Having a hard time deciding on ski length? Trust us, we get it. Even pro skiers struggle to choose. Use what follows as a guide, but don’t discount what you already know: If you’re happy and feel confident on your current ski length, there’s not much reason to change. Need more help? Send us an email at email@example.com. It’s in our interest to make sure you’re thrilled with the length you’re buying.
I have no idea what length is right for me. Where to start?
If you’re new to the sport and don’t have much in the way of reference points, start with this chart. For everyone but experts with specific needs, all-mountain skis should be sized from the base of your neck to the top of your head. If you favor slower speeds or are just learning to ski, go with those neck-high lengths. If you favor higher speeds and more dynamic skiing go to the top of your head. This gets even easier if you have a metric tape measure handy. If not, use an online converter.
A/B: Higher speeds and/or open terrain
B/C: Moderate speeds and/or higher terrain (trees/chutes)
C: Slower speeds and lower edge angles
|5’4” – 5’6”
|5’7” – 5’9”
|5’10” – 6’
Quick Tip: Don’t sweat the minutia. Variations in length of five centimeters or less don’t really matter that much. Just get close.
I think my current skis might be too long. How can I tell?
At Peak, we design a more balanced feel with an emphasis on maneuverability and stability into each model and length, so it’s easy to downsize. But here’s how to know if that’s the right move. It comes down to mindset, skiing style, and terrain choices.
If you find yourself skiing slower than you used to (mindset), a shorter length might offer you all the stability that you need while making it easier to execute quick turns (style). And in tighter zones like bumps or trees (terrain), the reduced length makes for more manageable skiing.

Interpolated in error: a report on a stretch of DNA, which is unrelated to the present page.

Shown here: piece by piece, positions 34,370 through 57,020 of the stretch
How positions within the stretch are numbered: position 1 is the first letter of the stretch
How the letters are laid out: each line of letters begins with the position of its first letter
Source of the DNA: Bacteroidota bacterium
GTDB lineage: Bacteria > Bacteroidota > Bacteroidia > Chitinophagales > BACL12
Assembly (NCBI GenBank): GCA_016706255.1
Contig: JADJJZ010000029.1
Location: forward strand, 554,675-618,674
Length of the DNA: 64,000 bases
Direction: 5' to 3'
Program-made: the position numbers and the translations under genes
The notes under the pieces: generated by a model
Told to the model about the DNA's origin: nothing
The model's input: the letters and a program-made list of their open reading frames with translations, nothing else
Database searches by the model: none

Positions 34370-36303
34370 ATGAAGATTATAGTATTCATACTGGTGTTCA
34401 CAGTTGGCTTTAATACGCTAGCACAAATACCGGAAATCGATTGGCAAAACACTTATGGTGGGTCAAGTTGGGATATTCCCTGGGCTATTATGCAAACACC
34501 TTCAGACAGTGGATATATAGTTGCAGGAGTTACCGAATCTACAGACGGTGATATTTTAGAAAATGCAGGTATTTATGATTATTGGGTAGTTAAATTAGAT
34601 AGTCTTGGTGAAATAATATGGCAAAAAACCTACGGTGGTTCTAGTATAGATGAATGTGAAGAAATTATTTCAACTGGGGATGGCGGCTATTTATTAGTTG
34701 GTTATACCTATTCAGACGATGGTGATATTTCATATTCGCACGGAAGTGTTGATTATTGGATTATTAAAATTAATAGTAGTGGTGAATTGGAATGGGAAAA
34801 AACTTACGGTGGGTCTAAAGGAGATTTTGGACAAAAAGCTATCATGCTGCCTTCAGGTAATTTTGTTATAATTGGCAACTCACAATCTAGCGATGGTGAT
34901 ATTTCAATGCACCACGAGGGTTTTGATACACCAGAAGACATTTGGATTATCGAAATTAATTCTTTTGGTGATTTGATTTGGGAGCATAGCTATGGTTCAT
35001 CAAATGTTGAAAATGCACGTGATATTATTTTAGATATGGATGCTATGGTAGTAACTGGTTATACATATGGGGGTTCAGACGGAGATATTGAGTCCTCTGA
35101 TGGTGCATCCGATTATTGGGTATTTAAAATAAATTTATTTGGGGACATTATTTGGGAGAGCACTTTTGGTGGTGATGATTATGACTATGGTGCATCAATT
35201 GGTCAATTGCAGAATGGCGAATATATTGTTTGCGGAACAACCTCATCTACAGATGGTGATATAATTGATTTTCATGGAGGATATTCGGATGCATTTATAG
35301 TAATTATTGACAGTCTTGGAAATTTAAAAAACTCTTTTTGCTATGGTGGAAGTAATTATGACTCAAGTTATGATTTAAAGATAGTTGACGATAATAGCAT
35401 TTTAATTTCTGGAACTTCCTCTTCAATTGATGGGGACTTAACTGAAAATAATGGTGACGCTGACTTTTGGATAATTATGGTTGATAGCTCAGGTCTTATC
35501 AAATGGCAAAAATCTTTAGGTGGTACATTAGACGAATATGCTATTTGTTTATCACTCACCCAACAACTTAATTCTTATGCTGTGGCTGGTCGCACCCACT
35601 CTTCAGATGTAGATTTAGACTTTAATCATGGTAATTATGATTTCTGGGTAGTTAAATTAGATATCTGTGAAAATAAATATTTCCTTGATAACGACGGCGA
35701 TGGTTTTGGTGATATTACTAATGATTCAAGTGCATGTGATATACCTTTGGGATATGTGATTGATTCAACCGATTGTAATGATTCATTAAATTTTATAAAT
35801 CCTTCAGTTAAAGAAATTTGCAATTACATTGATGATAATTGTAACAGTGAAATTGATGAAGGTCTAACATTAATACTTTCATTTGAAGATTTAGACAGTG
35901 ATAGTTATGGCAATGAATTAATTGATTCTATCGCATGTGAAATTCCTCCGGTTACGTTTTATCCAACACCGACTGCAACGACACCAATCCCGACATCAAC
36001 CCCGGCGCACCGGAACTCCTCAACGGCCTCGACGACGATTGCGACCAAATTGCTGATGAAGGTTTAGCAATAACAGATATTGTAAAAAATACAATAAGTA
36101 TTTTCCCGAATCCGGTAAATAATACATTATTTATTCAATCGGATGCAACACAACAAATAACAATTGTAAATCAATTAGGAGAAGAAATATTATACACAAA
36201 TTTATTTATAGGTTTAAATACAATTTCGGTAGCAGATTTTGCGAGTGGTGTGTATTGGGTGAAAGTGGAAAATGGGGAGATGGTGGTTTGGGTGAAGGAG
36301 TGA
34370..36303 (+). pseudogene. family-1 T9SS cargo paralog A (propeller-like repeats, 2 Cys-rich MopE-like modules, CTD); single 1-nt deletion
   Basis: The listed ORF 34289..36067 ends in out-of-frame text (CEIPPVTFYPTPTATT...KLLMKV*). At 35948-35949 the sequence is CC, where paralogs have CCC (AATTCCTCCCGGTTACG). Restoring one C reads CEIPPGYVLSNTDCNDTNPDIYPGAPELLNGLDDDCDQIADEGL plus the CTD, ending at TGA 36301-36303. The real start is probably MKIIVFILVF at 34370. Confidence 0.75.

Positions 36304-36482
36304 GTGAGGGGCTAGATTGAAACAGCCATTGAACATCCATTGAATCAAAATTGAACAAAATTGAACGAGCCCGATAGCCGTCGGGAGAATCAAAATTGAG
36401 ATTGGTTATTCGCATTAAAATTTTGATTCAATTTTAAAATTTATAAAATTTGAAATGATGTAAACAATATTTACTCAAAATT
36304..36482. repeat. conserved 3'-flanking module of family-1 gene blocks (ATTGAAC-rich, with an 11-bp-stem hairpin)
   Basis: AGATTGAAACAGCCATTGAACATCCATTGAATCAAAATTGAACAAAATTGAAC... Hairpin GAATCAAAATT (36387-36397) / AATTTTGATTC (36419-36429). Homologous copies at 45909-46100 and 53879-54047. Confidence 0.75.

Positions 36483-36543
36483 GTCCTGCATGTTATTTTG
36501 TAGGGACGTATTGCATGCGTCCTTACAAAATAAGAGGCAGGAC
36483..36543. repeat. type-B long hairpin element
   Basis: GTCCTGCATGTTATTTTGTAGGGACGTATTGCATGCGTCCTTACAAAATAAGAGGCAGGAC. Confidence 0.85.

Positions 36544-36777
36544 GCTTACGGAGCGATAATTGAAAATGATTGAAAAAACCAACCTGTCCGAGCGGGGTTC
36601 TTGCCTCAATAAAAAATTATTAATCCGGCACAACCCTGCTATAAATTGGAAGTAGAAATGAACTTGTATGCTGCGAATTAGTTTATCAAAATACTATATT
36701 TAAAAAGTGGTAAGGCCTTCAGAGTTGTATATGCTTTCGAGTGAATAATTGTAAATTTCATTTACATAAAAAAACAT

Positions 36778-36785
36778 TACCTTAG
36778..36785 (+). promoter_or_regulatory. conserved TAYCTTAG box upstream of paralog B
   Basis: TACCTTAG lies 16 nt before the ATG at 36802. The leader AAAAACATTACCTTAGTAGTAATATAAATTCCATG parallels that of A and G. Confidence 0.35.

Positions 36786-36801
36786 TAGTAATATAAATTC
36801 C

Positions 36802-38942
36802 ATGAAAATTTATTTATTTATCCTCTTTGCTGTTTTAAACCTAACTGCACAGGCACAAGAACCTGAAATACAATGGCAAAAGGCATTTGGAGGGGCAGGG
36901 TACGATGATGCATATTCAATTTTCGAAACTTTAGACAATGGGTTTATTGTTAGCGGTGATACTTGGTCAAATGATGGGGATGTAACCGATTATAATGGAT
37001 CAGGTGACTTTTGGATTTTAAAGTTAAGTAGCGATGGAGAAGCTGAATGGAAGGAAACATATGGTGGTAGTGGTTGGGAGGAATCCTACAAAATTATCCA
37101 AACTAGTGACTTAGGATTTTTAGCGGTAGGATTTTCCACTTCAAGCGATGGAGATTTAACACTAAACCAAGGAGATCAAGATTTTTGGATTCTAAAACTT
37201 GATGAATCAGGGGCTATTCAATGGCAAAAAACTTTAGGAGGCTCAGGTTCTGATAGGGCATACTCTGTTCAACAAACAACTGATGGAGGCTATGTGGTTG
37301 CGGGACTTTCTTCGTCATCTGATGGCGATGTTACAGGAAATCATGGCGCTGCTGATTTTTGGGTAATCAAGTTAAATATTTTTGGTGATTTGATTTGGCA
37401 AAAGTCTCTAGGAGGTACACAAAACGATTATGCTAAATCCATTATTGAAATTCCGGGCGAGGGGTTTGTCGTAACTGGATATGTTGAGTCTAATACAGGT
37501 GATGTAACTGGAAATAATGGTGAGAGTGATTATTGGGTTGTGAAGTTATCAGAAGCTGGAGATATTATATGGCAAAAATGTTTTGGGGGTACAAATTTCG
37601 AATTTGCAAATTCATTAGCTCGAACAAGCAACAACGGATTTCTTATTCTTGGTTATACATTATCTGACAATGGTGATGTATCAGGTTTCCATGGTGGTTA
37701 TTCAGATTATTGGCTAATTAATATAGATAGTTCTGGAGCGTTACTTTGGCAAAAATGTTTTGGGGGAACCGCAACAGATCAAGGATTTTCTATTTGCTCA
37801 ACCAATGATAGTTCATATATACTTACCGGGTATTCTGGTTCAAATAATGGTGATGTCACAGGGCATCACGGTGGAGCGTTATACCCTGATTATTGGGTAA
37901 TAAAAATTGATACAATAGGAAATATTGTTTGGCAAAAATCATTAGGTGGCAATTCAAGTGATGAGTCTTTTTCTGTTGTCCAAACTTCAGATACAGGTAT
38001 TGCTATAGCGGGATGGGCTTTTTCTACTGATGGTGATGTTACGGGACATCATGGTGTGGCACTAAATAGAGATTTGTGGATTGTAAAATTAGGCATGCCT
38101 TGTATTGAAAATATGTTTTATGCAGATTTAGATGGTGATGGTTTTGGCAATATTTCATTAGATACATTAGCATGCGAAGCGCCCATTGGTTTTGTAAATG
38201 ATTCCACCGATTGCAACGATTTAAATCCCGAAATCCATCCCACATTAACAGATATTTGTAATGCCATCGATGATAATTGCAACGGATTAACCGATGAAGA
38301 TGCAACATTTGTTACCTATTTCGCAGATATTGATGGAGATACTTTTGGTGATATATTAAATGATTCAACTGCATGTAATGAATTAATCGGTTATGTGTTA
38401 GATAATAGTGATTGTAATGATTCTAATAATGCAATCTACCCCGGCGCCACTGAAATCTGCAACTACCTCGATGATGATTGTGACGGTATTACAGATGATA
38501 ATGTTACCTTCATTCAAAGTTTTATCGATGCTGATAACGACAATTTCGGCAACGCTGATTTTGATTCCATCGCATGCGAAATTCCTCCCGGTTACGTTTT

Before downsizing, analyze performance: If you feel like you’re consistently fighting the tip of the ski to get it into a turn—a characteristic that Peak solves with KeyHole Technology—going down a size might be in your future.
Quick Tip: Don’t do anything drastic. If you’ve been skiing a 178 and think it’s just a bit long, drop down to the 168, not the 158.
He was one of the best downhillers in history, but these days when he’s not charging, Bode cruises around with the kids on skis about 40 centimeters shorter than his DH skis. Skier: Bode Miller. Location: Big Sky, Montana.
I think my current skis might be too short. How can I tell?
It sounds counterintuitive, but the same design elements that make it easier to downsize with Peak skis, also make it easier to upsize. Our reduced sidecuts and KeyHole Technology mean that you don’t fight the tip and tail in and out of every turn. With Peak skis, the goal is to ski from the feet up in a more athletic position—a Bode Miller hallmark.
So when should you consider jumping up a size? If you find yourself skiing faster in more open terrain and feel like you need more stability, a slightly longer ski can help. There’s more to upsizing than additional stability at speed though, a slightly longer ski distributes your weight more and that can improve edging. In powder or crud, that extra length offers a bit more floatation. And in jumbled terrain, slightly longer skis give you more tip and tail to push off for micro adjustments in balance.
Here too, you should analyze what you’re feeling on the hill before making a change. If your current skis get squirrely at high speeds, or you feel like you’re going to “go over the bars” every time you ski powder, your skis might be too short for your size and ability.
Quick Tip: As with downsizing, find a reason for going up in length.